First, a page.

Daniel Boone Fact 21:Blackfish forced Boone and his men to ‘run the gauntlet’ and adopted some of the men, including Boone, into their tribe. In June 1778, when he learned that Blackfish intended to attack Boonesborough, Boone escaped the tribe and managed to travel the one hundred and sixty miles back to Boonesborough in five days.
Daniel Boone Fact 22:Upon his arrival, Daniel Boone discovered that his family, apart from his daughter Jemima, had assumed he was dead and gone back to North Carolina. Having made the salt collecting party surrender, and staying with the Shawnee for several months, Boone’s loyalty was called into question. Daniel Boone answered his critics by leading an attack on the Shawnee and taking part in a successful defence of Boonesborough against an attack led by Blackfish.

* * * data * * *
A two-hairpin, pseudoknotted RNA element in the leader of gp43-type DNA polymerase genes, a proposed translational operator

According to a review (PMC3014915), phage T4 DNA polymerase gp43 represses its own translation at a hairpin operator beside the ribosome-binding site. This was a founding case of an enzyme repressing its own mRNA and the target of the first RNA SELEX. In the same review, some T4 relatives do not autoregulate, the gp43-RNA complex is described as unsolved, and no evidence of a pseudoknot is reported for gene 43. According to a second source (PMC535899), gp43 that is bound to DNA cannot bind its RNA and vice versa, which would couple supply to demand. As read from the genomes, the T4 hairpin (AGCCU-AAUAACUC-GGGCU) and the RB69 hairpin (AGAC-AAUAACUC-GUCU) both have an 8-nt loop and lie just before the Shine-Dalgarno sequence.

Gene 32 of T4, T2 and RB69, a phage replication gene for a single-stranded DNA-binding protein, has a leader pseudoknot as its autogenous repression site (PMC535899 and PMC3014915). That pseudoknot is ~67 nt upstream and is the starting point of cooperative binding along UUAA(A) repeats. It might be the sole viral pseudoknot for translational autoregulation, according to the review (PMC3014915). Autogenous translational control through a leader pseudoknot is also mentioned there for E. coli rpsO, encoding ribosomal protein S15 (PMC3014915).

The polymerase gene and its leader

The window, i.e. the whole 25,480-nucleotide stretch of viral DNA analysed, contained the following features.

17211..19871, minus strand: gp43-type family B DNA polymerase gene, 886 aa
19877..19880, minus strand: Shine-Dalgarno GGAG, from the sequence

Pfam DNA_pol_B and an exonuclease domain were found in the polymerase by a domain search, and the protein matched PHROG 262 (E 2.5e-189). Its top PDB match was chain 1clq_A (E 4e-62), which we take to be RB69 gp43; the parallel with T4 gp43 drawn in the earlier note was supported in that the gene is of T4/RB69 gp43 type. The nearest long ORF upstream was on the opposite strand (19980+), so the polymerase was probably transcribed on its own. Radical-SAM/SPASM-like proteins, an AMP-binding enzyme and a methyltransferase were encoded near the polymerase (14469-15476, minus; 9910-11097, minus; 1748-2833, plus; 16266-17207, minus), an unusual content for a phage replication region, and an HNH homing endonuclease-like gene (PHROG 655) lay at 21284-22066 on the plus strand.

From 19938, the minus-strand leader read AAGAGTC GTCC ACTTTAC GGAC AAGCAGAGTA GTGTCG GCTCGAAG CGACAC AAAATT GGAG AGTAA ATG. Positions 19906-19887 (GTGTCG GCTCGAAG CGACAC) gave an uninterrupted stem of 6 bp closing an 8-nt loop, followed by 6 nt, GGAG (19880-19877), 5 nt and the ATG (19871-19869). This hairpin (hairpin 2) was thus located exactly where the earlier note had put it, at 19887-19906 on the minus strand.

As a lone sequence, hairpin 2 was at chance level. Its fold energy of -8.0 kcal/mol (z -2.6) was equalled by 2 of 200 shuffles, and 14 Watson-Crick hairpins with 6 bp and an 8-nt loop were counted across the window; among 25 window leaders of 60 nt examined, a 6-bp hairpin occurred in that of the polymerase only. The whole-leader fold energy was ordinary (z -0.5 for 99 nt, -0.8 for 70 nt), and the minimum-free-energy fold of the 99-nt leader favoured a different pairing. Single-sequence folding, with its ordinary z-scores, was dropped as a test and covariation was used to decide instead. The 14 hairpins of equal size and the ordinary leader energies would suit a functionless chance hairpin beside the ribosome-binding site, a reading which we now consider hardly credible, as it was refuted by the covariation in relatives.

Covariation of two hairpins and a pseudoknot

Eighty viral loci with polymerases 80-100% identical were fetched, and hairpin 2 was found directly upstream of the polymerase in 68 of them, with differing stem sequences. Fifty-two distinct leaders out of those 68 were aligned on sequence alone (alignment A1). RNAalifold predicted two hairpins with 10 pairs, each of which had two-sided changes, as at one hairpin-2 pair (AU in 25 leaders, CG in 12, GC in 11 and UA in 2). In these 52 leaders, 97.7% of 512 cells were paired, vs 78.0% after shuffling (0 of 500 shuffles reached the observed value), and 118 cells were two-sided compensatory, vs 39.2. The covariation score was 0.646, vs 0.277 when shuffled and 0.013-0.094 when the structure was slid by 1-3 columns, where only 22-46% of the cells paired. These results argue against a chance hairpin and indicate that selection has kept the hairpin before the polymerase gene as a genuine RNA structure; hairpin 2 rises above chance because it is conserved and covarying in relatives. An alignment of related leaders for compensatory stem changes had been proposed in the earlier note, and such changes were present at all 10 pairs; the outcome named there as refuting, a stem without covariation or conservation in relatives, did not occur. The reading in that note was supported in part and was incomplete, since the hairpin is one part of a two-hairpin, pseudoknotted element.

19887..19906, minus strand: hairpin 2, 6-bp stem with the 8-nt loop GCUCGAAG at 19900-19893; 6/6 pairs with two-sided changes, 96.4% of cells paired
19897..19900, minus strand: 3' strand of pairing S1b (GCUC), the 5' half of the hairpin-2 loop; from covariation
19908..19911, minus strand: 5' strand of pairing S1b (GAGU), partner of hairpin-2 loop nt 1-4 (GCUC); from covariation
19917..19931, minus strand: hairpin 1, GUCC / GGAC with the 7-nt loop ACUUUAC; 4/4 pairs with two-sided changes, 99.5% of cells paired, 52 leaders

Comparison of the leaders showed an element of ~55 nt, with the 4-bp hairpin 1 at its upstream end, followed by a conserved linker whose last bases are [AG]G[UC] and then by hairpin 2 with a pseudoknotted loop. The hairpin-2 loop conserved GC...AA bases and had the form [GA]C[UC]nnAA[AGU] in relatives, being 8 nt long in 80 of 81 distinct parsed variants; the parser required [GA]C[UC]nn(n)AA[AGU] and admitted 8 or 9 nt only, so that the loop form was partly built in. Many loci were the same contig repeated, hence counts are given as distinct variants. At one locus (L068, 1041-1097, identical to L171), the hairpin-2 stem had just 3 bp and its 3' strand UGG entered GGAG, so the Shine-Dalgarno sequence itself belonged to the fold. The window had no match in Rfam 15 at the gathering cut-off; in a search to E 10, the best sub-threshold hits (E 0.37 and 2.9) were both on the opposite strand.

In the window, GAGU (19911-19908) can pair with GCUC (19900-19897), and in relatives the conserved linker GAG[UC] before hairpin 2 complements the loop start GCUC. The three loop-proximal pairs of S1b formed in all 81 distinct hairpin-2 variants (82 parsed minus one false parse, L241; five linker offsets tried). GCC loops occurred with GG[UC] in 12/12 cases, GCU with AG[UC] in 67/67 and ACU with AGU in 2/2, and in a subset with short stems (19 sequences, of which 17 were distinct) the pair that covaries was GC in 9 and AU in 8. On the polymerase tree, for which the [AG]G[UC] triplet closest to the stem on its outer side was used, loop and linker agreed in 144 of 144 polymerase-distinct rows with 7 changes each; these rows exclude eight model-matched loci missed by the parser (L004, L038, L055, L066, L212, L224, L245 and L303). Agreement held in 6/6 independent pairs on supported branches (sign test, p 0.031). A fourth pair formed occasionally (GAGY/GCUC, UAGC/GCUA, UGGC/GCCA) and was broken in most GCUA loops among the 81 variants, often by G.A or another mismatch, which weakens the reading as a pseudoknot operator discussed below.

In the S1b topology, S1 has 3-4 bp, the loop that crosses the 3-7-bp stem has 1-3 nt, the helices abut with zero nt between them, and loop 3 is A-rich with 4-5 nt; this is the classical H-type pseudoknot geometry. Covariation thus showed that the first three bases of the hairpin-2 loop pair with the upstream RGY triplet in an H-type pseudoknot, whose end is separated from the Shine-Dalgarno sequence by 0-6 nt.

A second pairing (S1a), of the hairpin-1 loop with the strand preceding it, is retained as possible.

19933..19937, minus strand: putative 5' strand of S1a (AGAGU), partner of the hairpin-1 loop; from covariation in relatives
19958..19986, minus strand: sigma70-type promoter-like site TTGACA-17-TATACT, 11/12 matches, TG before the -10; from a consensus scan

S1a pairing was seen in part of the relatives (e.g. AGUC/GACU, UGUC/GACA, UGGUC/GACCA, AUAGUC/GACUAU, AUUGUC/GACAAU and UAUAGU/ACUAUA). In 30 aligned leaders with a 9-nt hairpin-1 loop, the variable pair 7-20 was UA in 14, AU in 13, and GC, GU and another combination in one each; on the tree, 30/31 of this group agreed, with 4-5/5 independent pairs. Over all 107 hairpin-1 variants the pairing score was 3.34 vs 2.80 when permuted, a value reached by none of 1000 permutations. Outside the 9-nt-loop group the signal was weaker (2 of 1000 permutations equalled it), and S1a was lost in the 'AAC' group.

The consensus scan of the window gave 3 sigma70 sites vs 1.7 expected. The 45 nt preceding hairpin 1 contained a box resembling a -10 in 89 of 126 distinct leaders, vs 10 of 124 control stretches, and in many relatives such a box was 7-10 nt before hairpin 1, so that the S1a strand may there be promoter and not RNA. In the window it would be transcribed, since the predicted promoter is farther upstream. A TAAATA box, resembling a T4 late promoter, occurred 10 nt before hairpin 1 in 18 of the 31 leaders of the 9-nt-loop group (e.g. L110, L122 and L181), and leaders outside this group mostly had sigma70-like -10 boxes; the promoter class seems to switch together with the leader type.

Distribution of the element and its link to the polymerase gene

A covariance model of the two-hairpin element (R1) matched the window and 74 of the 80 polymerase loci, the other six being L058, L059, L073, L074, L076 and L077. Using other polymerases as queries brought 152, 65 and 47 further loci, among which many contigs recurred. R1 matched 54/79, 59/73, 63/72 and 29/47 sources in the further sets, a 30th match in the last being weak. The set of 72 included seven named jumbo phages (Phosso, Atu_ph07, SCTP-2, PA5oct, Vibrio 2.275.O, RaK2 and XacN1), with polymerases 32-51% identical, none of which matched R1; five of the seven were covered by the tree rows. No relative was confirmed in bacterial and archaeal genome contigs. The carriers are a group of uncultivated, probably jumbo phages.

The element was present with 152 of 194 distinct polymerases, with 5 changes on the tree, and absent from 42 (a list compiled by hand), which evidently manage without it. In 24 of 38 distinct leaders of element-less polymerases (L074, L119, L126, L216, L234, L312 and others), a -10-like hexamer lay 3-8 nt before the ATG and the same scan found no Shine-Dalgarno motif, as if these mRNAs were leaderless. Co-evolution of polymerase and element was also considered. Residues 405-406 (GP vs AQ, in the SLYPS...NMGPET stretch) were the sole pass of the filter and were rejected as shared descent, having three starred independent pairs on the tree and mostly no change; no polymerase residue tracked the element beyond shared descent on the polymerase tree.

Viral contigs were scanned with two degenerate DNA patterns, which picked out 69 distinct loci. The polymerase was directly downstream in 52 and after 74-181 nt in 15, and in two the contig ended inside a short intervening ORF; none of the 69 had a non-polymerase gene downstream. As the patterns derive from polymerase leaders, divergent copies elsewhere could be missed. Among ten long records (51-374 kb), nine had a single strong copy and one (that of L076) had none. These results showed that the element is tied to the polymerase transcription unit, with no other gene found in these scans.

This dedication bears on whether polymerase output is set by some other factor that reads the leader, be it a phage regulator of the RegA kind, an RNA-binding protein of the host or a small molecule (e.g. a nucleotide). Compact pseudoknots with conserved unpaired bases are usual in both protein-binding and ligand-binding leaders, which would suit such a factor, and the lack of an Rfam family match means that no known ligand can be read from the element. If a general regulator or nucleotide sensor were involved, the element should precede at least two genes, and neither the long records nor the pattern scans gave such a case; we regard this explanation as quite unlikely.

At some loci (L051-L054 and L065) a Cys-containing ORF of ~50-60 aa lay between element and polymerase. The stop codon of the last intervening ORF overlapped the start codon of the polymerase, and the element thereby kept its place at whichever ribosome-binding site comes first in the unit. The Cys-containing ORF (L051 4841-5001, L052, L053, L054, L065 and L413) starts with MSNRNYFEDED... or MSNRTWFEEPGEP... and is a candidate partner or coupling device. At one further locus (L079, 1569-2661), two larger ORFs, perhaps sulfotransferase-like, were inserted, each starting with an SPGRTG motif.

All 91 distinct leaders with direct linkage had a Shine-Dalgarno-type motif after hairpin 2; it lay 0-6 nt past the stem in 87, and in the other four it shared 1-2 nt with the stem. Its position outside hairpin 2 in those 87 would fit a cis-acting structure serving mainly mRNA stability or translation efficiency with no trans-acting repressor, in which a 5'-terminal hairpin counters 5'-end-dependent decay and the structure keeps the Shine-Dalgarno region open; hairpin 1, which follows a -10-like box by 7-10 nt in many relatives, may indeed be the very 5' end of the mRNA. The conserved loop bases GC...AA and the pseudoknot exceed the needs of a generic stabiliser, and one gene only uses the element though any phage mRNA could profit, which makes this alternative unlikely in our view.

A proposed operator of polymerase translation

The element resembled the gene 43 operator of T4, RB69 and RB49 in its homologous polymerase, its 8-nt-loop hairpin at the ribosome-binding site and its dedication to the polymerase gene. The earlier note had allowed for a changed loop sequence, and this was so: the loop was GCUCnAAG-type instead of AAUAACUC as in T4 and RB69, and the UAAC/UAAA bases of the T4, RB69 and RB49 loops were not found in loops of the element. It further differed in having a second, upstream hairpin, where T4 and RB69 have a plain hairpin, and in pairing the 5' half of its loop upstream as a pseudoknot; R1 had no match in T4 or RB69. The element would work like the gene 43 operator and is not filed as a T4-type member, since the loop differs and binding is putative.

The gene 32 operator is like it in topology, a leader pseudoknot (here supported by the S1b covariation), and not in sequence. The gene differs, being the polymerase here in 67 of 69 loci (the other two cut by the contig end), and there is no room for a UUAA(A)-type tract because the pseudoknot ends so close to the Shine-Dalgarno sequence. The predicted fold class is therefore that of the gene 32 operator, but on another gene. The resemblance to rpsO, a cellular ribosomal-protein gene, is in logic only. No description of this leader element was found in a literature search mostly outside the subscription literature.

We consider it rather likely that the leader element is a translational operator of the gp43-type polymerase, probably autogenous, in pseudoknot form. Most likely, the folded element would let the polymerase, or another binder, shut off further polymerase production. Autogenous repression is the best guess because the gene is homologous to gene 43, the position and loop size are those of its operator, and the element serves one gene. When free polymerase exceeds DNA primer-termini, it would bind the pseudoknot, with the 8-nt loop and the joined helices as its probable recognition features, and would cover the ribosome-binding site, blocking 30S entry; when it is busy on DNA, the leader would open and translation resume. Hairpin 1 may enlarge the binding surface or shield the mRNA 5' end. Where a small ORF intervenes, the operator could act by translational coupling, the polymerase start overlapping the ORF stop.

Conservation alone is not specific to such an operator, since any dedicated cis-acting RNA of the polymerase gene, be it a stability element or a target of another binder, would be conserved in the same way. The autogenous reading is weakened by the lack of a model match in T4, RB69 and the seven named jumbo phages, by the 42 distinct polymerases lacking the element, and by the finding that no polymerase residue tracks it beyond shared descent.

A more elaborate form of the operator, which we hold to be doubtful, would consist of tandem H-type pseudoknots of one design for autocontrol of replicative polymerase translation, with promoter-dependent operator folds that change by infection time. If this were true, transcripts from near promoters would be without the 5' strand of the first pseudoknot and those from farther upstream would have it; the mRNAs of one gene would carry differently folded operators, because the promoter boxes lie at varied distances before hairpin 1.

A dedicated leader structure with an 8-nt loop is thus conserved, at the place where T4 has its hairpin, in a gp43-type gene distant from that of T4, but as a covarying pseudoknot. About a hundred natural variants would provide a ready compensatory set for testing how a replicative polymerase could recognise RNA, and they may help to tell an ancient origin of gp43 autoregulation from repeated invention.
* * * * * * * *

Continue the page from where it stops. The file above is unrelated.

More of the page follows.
Daniel Boone Fact 23:Daniel Boone faced a court martial for surrendering to, and staying with, the Shawnee. After the court heard his evidence, he was acquitted and given a promotion.
Daniel Boone Fact 24:In 1779 Daniel Boone brought his family back to Kentucky, however rather than resettle in Boonesborough, he created the settlement of Boone’s Station nearby. He became a Lieutenant Colonel in the Fayette County Militia in 1780 and fought in several battles during the American Revolutionary War (1775 – 1783).
Daniel Boone Fact 25:By 1795 Daniel Boone had been involved in many business ventures, in both Kentucky and Virginia, which ultimately failed, however in 1798 Boone County was founded and named after him.
Daniel Boone Fact 26:In 1799 Daniel Boone and his family left Kentucky and settled in Spanish held Louisiana, which would later become Missouri. Following the Louisiana Purchase in 1803, Missouri became part of the United States.
Daniel Boone Fact 27:Daniel Boone remained in Missouri for the rest of his life, continuing to hunt and trap for as long as he was physically able. He died, of natural causes, on 26 September 1820 in the home of his son Nathan. He was buried next to his wife Rebecca who had died seven years earlier in 1813.
Daniel Boone the Explorer (1734 - 1820) Fun Facts Info for Kids !